Of Left and Right

There exists significant disagreement among political thinkers as to what left and right are, which thinkers and which beliefs should be classified as leftist and which as rightist, and even whether these terms are meaningful. I am going to attempt my own definition of the terms, which will capture and justify as nearly as I find possible the intuitive common usus loquendi. 

To understand the Right, you must understand the Left. These forces are not independent of each other, and the Left came first. Without the Left there is no need for a Right; and indeed a sincere rightist would like nothing better than a world which has no Right, because it has no Left.

The second thing that must be understood is that Left and Right are directions, not positions. This is obvious enough when the first letters are put in miniscule, but oddly, when one capitalises them and uses them to refer to political positions, all of a sudden in the common man’s mind they become fixed. The Founding Fathers, for instance, become ‘conservative’ despite working very hard to overthrow significant parts of the social order they lived under, simply because ‘conservatives’ now support many of their views (though in truth I think it must be conceded that ‘conservatives’ today are far closer to leftists today than they are to the Founders on, for example, the issue of race). The reality is that these terms are relative. To refer to ‘leftist positions’ rather than a ‘leftist direction’, we need a defined centre. And in the modern political milieu the centre is always moving.

I therefore propose the following definition, which I hope will not be dismissed as excessively grandiose: The Left is the party of rebellion against God, or against the natural order, or against reality. Take your pick; as it touches Earth it amounts to the same thing. The Left is the ultimate party of artifice. It elevates reason to the supreme place and rejects the sacred, the transcendent, the natural, and the emergent. Although it claims to want equality, what it in fact wants is an entirely artificial hierarchy constructed by its own reason. This is why when Leftism began it wanted to shrink the state; the old states were organic, sacred, and nonrationalistic. Now, however, that we have ‘scientific government’ and ‘meritocratic democracy’, the state must be built up and indeed must swallow all the old holdouts of natural structure and hierarchy: the family, the church, even local and diverse expressions of the state.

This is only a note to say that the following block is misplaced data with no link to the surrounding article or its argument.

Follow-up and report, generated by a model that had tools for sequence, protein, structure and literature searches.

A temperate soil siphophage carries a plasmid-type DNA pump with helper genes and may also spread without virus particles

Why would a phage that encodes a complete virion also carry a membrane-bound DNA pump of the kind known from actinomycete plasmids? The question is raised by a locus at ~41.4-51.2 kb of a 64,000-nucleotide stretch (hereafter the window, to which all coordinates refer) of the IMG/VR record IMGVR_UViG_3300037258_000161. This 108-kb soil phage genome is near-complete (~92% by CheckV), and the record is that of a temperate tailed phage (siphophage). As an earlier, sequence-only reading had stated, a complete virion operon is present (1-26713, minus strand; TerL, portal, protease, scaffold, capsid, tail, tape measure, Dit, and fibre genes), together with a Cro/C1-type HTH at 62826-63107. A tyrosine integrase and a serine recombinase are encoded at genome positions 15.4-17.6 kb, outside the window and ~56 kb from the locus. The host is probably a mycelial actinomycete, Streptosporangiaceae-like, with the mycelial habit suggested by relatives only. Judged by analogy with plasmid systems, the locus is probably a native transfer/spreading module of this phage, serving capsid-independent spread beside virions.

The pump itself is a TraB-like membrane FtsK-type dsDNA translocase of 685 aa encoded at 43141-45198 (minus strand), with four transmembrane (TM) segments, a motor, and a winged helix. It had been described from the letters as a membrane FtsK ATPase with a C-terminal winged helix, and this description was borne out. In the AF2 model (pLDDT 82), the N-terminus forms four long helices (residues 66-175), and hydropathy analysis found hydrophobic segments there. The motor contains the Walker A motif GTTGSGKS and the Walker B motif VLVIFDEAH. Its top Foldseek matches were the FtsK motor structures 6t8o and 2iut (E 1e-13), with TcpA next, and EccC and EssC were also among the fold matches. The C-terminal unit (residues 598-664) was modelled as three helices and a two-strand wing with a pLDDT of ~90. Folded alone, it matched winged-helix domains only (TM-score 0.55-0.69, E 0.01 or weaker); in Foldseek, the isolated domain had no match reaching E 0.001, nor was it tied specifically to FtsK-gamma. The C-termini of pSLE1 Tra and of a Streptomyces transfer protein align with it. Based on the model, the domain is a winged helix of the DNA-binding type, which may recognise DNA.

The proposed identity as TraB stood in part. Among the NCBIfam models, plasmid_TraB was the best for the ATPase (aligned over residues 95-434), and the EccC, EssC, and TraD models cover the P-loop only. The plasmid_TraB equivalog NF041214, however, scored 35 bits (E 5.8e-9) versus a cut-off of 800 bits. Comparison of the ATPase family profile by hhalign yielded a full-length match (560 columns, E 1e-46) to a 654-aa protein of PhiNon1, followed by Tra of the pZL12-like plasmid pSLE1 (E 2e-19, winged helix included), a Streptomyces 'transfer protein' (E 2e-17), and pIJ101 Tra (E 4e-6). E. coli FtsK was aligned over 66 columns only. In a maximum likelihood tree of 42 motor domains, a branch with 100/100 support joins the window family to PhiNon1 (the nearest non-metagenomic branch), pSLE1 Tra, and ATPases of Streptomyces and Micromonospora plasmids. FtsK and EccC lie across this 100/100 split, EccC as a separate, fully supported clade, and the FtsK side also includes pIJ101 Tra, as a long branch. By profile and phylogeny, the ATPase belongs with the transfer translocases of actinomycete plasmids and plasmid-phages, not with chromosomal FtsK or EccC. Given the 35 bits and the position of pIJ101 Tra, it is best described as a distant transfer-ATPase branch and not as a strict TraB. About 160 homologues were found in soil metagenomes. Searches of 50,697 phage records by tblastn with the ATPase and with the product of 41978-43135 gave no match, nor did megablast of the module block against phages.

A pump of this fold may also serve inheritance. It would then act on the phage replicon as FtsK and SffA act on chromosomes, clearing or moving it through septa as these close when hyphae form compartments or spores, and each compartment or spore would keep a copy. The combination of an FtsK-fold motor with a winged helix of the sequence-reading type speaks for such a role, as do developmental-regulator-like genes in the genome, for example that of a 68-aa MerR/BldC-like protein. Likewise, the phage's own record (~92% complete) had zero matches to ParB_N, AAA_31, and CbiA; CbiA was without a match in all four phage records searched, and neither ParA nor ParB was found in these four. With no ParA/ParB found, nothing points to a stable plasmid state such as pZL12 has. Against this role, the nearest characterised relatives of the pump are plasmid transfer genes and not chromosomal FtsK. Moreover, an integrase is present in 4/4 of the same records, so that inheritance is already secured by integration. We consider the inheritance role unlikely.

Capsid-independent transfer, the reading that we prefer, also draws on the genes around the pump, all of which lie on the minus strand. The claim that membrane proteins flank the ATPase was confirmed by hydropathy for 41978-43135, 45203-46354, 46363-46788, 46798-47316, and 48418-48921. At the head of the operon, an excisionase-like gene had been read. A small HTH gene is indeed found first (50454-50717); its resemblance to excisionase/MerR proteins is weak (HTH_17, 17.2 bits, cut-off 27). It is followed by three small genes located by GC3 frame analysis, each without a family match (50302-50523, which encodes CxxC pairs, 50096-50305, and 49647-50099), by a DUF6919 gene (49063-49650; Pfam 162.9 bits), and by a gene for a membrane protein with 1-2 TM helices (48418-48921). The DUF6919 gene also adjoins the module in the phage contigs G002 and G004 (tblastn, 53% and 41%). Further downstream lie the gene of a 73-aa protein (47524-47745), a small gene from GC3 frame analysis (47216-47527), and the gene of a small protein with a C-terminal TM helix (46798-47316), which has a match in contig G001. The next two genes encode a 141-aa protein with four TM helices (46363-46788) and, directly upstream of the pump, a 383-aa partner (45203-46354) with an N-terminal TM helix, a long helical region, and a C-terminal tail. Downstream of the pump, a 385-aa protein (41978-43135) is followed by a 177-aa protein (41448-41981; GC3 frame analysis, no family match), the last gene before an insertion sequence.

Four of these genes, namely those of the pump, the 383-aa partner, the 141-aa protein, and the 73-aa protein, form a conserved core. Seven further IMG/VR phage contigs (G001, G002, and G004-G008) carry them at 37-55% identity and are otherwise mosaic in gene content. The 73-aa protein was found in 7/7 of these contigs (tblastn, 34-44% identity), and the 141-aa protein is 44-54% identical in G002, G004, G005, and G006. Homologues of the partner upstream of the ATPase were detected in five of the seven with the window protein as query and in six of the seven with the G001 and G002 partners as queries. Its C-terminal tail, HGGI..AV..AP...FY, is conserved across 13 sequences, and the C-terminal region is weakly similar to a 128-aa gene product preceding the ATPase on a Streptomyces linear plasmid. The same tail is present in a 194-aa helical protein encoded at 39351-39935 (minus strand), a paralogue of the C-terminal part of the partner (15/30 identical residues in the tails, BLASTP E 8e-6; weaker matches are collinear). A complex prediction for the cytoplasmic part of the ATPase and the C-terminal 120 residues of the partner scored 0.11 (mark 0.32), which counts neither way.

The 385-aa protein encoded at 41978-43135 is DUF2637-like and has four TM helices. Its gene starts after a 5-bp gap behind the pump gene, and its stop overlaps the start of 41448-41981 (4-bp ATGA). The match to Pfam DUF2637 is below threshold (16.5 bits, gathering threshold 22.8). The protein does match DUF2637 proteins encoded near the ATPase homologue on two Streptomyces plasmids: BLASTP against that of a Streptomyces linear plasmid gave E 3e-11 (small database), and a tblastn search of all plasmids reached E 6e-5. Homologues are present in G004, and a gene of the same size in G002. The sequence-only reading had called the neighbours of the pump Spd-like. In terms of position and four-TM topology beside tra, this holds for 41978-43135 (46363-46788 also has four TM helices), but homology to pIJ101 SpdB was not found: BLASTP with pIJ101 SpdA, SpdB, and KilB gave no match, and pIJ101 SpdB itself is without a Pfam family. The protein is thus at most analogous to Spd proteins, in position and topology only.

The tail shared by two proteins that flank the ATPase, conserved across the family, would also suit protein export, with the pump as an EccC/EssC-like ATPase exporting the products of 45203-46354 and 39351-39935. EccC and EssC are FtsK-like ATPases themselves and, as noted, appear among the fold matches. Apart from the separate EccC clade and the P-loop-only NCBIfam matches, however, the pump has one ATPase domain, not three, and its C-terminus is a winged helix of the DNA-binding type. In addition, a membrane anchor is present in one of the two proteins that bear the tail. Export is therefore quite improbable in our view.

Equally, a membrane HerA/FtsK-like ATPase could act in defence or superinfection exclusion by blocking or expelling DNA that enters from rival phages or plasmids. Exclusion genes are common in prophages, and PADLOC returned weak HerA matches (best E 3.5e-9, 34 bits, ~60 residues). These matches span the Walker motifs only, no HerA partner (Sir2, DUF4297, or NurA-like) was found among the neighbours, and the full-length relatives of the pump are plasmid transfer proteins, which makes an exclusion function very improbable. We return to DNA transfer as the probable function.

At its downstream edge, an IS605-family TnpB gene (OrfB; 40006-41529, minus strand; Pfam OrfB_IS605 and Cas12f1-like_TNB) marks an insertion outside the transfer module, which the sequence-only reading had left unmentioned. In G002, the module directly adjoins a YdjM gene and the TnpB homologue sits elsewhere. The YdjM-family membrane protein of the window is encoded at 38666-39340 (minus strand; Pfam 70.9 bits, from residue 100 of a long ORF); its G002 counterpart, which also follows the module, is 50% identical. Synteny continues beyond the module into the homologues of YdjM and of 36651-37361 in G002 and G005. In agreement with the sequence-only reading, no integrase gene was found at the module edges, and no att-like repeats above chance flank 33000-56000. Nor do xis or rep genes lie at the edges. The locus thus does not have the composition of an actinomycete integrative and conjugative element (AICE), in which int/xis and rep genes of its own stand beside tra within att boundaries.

The Right, in contrast, is not a thing. It is not a coherent ideology; it is not a party, it is not an idea. It is an umbrella term that embraces everything that is not the Left. These terms are relative and context-sensitive, of course. If you believe that the political order created by America’s Founding Fathers was basically righteous and should be re-established, you are on the Right by generally accepted standards in 2013. If you thought that in 1775 you most certainly were not on the Right.

This means that the political spectrum is not so much a line as a pair of rays extending at an angle from the left-wing singularity. The farther right you move the more variety and (ironically enough) diversity there is, and the more likely you are to find people who hate each other.

It has been observed that leftists follow the maxim Pas d’ennemis à gauche, that is, no enemies to the left. Leftists are never really scared of other leftists, even if those other leftists are far more ‘extreme’ than they are. Conservatives denounce Nazism and even monarchism far more often than liberals denounce Communism.

Again ironically, this means that ‘guilt by association’ is far more valid as an attack on leftists than it is on rightists. Nazism’s status as right-wing in its own time was debatable. By the standards of today it is certainly right-wing. Nevertheless it has little to nothing meaningful in common with the feudal order, which is also right-wing. On the other hand, social democracy has a great deal in common with communism. Thus, criticising social democracy by comparing it with communism makes a lot more sense than criticising feudal monarchy by comparing it with Nazism.

Again, these are directions, not positions. There is no such thing as a left-wing order, except in the following senses:

a. The left-wing singularity can rightly and absolutely be described as a left-wing order. I doubt, however, that this has ever actually been realised.

b. Any order which is left of ‘the centre’, however defined, can be called left-wing in that context. This is relative; from my perspective, for example, these united States have been irredeemably left-wing since at least 1776.

c. Any order which moves progressively leftward, as ours does, may be called left-wing. The object-level beliefs of progressivism change, but only in one direction: namely, toward more civilisational breakdown, more materialism, more rationalism, and a sharper rejection of God.

Likewise, there is no such thing as a right-wing order, except in the sense that there are orders which stand opposed to the left as it presently exists or as it existed at some point in the past, that is, that are right of whatever centre we choose to use.

So with right and left defined, we can see why rightists have so much trouble forming coherent coalitions; they simply are far less homogeneous than leftists. We also see the coherence of left-wing movements throughout history, which should do a great deal to explain the utter impotence of moderate conservatism. I believe this definition will stand up to the general usage of the terms throughout their history since the French Revolution, and perhaps to a few earlier cases by extension.

Comments are open as always and I welcome any thoughts you may have.